The beneficial effects of physical activity on brain aging are well recognized. Exercises—factors released into the bloodstream as a result of exercise—have emerged as plausible mediators of the protective effects of physical activity on brain aging. These exercises’ origin and identity, however, are yet unknown.
A new study by the University of Queensland shows that platelets secrete an anti-gerontic exercise. Researchers revealed in pre-clinical studies that an injection of a certain blood factor could duplicate the positive effects of exercise on the brain.
Scientists found that platelets secrete a protein that rejuvenates neurons in aged mice, similar to physical exercise.
Dr. Odette Leiter, from UQ’s Queensland Brain Institute, said, “Our previous research has shown platelets are involved, but this study shows platelets are required for this effect in the aged mice.”
The exercises that are considered to activate the exercise-induced response in the brain were the main topic of the study. Exercises are biological substances that are released into the bloodstream during exercise. When injected into old rats, the exercise CXCL4/Platelet factor 4 or PF4, released from platelets after exercise, improves regenerative and cognitive functions.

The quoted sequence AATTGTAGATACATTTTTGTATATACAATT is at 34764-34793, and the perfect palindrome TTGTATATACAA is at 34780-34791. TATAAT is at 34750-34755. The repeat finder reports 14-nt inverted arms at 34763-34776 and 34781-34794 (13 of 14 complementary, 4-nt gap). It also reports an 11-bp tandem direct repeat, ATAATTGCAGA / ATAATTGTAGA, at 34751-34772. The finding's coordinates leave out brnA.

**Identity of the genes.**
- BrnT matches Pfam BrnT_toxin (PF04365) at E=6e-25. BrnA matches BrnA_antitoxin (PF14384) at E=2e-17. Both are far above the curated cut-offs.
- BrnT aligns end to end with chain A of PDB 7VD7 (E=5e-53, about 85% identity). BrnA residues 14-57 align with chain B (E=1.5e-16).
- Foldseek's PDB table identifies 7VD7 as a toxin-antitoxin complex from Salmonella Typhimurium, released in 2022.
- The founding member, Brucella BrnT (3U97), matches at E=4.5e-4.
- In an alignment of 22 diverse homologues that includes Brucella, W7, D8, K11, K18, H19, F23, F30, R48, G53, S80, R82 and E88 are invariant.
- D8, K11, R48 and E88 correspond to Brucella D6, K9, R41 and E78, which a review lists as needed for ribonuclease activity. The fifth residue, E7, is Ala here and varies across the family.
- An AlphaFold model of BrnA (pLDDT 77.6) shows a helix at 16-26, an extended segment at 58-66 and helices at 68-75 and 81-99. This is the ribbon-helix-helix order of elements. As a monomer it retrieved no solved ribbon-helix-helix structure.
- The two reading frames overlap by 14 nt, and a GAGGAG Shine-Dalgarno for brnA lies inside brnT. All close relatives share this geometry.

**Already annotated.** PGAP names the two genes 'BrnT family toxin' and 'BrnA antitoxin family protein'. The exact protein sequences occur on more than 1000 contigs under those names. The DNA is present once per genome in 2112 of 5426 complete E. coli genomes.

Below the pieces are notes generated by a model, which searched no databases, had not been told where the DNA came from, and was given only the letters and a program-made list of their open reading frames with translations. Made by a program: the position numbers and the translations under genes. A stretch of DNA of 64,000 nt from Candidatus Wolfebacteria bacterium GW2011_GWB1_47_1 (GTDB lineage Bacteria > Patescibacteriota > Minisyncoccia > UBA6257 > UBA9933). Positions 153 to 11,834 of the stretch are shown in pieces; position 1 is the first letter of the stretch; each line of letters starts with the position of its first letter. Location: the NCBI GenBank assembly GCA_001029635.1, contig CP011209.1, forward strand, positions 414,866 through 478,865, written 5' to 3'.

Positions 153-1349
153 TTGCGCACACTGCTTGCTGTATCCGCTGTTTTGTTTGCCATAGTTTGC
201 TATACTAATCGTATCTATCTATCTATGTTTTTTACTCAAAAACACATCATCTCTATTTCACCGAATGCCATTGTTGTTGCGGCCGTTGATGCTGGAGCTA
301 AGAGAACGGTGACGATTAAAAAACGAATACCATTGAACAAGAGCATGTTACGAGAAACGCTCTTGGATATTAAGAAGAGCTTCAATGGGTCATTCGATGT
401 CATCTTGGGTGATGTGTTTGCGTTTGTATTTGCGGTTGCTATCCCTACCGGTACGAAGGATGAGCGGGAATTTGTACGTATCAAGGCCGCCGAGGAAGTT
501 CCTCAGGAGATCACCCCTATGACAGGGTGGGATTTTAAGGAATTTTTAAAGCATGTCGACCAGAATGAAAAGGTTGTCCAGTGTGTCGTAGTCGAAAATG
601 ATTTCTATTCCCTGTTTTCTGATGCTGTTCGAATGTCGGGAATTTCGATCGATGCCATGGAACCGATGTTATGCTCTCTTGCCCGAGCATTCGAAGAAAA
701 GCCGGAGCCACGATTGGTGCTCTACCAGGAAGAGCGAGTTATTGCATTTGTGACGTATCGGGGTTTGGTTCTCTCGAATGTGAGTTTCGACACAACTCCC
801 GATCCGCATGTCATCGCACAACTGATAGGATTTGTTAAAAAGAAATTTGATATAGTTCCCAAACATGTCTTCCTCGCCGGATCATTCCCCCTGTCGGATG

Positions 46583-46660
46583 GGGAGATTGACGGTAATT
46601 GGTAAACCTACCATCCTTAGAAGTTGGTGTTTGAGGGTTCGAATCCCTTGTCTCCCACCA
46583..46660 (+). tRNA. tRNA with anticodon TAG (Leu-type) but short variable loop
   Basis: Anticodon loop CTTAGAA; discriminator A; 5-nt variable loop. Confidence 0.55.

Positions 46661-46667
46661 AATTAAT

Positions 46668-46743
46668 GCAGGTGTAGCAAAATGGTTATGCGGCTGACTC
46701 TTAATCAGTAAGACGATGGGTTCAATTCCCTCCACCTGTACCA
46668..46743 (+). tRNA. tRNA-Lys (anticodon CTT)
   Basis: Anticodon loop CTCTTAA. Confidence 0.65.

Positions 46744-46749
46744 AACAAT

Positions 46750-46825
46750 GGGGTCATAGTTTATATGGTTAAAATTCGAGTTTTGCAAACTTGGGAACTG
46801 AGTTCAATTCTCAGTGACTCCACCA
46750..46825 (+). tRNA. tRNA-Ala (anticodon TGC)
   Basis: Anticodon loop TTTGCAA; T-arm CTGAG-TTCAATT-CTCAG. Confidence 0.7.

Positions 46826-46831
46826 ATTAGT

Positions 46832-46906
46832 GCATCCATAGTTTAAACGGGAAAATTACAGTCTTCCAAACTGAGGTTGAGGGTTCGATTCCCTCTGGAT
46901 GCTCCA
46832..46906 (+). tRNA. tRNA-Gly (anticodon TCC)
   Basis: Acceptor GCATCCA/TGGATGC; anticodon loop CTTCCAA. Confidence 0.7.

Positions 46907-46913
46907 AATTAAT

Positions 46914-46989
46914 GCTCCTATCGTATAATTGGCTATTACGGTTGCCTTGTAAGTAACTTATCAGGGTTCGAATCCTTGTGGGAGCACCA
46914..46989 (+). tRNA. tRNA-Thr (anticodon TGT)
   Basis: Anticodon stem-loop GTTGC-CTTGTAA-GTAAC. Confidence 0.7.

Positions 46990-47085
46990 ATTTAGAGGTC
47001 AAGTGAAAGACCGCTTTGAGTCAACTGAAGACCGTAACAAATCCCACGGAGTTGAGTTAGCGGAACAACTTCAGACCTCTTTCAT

Dr. Tara Walker from UQ’s Queensland Brain Institute said, “The findings have significant implications for developing drug interventions.”
“For many people with health conditions, mobility issues or of advanced age, exercise isn’t possible, so pharmacological intervention is an important area of research.”
“We can now target platelets to promote neurogenesis, enhance cognition and counteract age-related cognitive decline.”
Before beginning human trials, scientists stated the next step is to assess the response in mice with Alzheimer’s disease.
Dr. Walker said, “It’s important to note this is not a replacement for exercise. But it could help the very elderly or someone who has had a brain injury or stroke to improve cognition.”